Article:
(all names withheld because I have taste and class).

            post script edit:
            ps. it would be great if I got a few thoughtful, wise, replies??

            query: – do I go to another of their local churches (knowing that his biological brother (the church elder) won’t listen to me) and force the issue?
            Really, to me, an apology that has to be that hard won – ie.. the need to extradite a simple apology from someone so very crass and thick, is an apology not worth having.

            So I decided to let them go, and follow the Prophet Jeremiah in Chapt 48, and become the dove who leaves the city to dwell in the rocky yawning ravine. I’m left harmed and with nothing.
            Yes yes I have God, but sorry after 45 years as a Christian, I don’t mind saying in the right context *God is not enough*, I need a network of Christian support – and I’m not fit to build new friendships after suffering dissection of my heart from my husband’s death – and now from my brother’s ostracising. This is sinful hypocrisy at it’s best! :'(

    • http://pulse.yahoo.com/_Z7GMTWXF3W7RKZ4I2FJC7AESWM shadow

       That is one of many verses that make being a christian an impossible thing. One cannot control what thoughts flow through his/her mind, and suddenly they committed adultery. There are many such rules that are impossible to avoid, are completely human, and it tends to get quite discouraging to fight a normal human trait as sin, and spend all your life trying not to be human. Look at that verse. If that is a sin and adultery, how does anyone even find someone to marry? You close off all thoughts and you become a robot.

      • Ely_of_Cinci

        Hi Shadow,

        I could argue that someone looking for a marriage partner is not committing adultery as they, and hopefully the one they are interested in, are not married.  But that is missing the point of Christ’s sermon on the mount.  How difficult is it to turn the other cheek to my enemy?  And to the person who steals my coat; how do I give him my cloak as well?  How do you fight these natural survival instincts? Yes, it is impossible.It is a natural human trait as sin.  Don’t get hung up on the word sin; it is an archery term which means we miss the bulls eye; we miss the mark.  We all sin; we all fall short of perfection.  God makes no differentiation between types of sin; it all leads to spiritual death. The whole point is in and of ourselves, we cannot be righteous.  We depend on Christ’s righteousness, not our own.  As we depend more on Christ, and draw closer to Him, we become more like Him.  And in becoming more like Him, we take on His righteousness and discard our “poor excuse” for righteousness.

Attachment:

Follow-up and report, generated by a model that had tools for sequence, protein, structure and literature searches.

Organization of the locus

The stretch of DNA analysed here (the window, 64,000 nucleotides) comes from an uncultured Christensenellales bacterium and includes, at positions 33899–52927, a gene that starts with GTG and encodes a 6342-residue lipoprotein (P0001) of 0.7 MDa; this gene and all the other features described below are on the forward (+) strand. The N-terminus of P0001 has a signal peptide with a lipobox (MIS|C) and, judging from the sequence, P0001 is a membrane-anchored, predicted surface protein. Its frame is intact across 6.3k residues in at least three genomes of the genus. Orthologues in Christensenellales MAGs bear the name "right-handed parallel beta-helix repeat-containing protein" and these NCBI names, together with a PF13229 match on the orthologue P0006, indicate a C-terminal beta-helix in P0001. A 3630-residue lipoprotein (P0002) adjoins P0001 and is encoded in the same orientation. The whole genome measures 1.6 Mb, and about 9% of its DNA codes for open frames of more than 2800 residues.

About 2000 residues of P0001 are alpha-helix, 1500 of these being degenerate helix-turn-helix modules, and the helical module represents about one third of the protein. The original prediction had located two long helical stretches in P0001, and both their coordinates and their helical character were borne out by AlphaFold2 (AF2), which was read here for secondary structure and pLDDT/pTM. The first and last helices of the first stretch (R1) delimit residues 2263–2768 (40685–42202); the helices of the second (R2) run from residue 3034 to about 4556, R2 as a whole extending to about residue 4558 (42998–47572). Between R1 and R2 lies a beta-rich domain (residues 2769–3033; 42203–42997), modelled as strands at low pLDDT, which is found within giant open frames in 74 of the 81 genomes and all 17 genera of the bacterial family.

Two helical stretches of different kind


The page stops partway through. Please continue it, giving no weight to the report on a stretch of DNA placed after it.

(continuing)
So yes, being a Christian is impossible; you cannot do it by yourself depending on your own abilities.  But being a Christian is easy when you depend on Christ’s righteousness (His yoke is light).  After we accept Christ as the Messiah, we journey with Him, we seek justice, love kindness, and walk humbly with God.  Peace and Blessings in Christ!

      • anonbristol

        No, but watch out for the second look. You can stop entertaining those thoughts.

  • Suzie

    I didn’t read all the comments.. but I wanted to share that I am thankful I have a pastor that confronts sin lovingly. We had a volunteer teaching our Jr. High students and he was also involved in a series on sex. He stepped down from his position just as leadership began to learn that he had been having his girl friend stay the night, go on vacation’s together and they are now currently living together. So leadership didn’t have to ask him to step down. The man has been married 2-3 times before and he is currently engaged to his live in fiance. Our pastor sat down to talk with him about living in sin. It needs to be addressed in our churches and done lovingly especially if its someone that has/had a role in teaching young people! I think its good for churches to have guidelines for their volunteers to adhere to. Also its important to confront sin of a brother or sister in Christ. This man has not been kicked out of church by any means. He still attends, so you can confront in love without kicking them out. Just don’t give them any leadership positions and any up front roles and they will eventually make the right decision or they will leave on their own because they will feel guilty or be mad that the leadership is not accepting their lifestyle of sin. 

  • JudeThree

    I have a sincere question and have no idea what to do. what if the pastor is guilty of #2 and #3, he has many in leadership who are involved in the paranormal (yes really)  and absolutely no one will do anything about it. it is a SBC and the ‘leadership’ of the region and state will not step in and do anything. they say it is up to the deacons to confront. I have left the church but am continually distressed about what is going on there. perhaps I need to drop it and let God deal?